As part of the Cystic Fibrosis Foundation's mission to help improve the lives of people living with cystic fibrosis, the PSDC initiative taps the CF community to inform key efforts to support the management of daily care.
Your cystic fibrosis care team includes a group of CF health care professionals who partner with you to provide specialized, comprehensive CF care.
Many people living with cystic fibrosis and their families face complicated issues related to getting the care they need. Cystic Fibrosis Foundation Compass makes sure that no one has to do it alone.
CF Foundation Compass is a service that helps people with CF and their families with navigating insurance options, connecting to legal information and experts, finding available financial resources, and tackling other life issues.
CF care team members are paramount in providing highly specialized care to people living with CF. CF Foundation Compass can help by serving as a strategic ally for care teams, so team members can focus on their patients’ care.
CF Foundation Compass can help you navigate insurance, financial, legal, and other issues you are facing. Use this online form to start your conversation with a Compass case manager today.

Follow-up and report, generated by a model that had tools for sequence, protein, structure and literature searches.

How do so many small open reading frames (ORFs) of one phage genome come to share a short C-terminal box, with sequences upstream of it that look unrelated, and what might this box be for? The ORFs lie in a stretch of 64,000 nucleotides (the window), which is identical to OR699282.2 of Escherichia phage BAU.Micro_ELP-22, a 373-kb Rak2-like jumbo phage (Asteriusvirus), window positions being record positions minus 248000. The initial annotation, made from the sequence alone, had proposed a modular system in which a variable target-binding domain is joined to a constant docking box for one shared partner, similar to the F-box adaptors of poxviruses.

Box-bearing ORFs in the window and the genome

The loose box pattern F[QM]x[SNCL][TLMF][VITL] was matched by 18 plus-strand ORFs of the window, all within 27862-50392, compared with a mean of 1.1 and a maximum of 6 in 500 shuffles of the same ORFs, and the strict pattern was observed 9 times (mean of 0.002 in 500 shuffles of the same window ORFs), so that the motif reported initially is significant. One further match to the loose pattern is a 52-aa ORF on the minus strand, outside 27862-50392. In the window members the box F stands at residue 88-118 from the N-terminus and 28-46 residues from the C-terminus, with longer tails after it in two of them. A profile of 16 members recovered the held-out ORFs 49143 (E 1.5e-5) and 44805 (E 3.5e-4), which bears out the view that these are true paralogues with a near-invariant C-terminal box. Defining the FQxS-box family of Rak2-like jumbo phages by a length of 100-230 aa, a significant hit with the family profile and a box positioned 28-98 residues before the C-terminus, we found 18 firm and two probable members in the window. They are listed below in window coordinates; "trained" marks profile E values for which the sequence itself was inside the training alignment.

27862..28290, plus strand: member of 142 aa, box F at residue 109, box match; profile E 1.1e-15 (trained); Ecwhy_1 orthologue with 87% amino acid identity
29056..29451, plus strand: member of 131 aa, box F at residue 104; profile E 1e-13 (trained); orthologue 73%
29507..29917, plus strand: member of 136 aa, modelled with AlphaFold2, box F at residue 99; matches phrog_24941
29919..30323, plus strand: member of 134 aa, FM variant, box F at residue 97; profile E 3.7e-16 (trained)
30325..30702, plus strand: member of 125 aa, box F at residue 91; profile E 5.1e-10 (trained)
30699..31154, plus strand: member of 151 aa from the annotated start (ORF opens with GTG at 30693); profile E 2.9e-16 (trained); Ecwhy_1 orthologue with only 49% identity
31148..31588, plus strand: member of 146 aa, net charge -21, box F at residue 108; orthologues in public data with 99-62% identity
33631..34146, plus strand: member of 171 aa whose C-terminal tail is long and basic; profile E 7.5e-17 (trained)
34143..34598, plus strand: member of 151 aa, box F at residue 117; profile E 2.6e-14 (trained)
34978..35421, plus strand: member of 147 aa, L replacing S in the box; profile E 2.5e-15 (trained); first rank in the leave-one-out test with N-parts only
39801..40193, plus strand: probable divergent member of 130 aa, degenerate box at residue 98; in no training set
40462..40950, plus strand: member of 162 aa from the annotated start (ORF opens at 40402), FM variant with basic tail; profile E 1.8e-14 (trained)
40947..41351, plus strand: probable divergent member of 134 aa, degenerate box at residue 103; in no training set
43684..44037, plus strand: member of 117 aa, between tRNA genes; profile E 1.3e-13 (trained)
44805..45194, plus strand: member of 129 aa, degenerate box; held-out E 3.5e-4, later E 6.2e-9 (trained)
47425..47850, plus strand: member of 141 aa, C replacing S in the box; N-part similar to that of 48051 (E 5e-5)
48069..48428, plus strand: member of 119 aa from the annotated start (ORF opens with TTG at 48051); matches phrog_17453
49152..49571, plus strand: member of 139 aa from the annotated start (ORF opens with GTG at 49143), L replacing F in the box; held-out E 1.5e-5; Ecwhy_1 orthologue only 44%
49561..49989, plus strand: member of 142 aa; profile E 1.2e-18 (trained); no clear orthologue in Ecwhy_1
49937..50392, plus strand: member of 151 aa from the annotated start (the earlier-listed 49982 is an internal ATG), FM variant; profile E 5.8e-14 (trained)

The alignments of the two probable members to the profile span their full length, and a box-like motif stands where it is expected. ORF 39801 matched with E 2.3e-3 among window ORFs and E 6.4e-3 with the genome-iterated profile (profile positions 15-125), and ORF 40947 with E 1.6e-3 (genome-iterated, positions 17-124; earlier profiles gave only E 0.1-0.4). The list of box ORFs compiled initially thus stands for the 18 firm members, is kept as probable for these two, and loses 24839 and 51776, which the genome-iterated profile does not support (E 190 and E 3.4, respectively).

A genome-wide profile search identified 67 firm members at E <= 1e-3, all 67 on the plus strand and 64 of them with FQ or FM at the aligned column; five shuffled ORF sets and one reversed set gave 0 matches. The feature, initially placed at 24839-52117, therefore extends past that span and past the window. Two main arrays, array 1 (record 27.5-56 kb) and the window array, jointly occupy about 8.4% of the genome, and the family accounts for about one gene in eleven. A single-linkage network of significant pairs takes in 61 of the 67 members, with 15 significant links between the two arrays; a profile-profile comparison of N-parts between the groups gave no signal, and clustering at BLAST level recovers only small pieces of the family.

The Cystic Fibrosis Foundation is the world’s leader in the search for a cure for CF and supports a broad range of research initiatives to tackle the disease from all angles.
The CF Foundation offers a number of resources for learning about clinical trials and treatments that are being developed to improve the treatment of cystic fibrosis.
Our understanding of CF continues to evolve as scientists study what causes the disease and how it affects the body. These insights drive the development of new and better treatments and bring us one step closer to a cure.
Researchers, supported by the CF Foundation, have made tremendous advances to improve the health and quality of life of people with CF. We are committed to providing the tools and resources you need to continuously build upon this work.
There were three important things that my parents did for me while I was growing up that helped me become an independent and positive person.
Lauren Bombardier Weeks
March 1, 2016
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The question that I get
asked most often from parents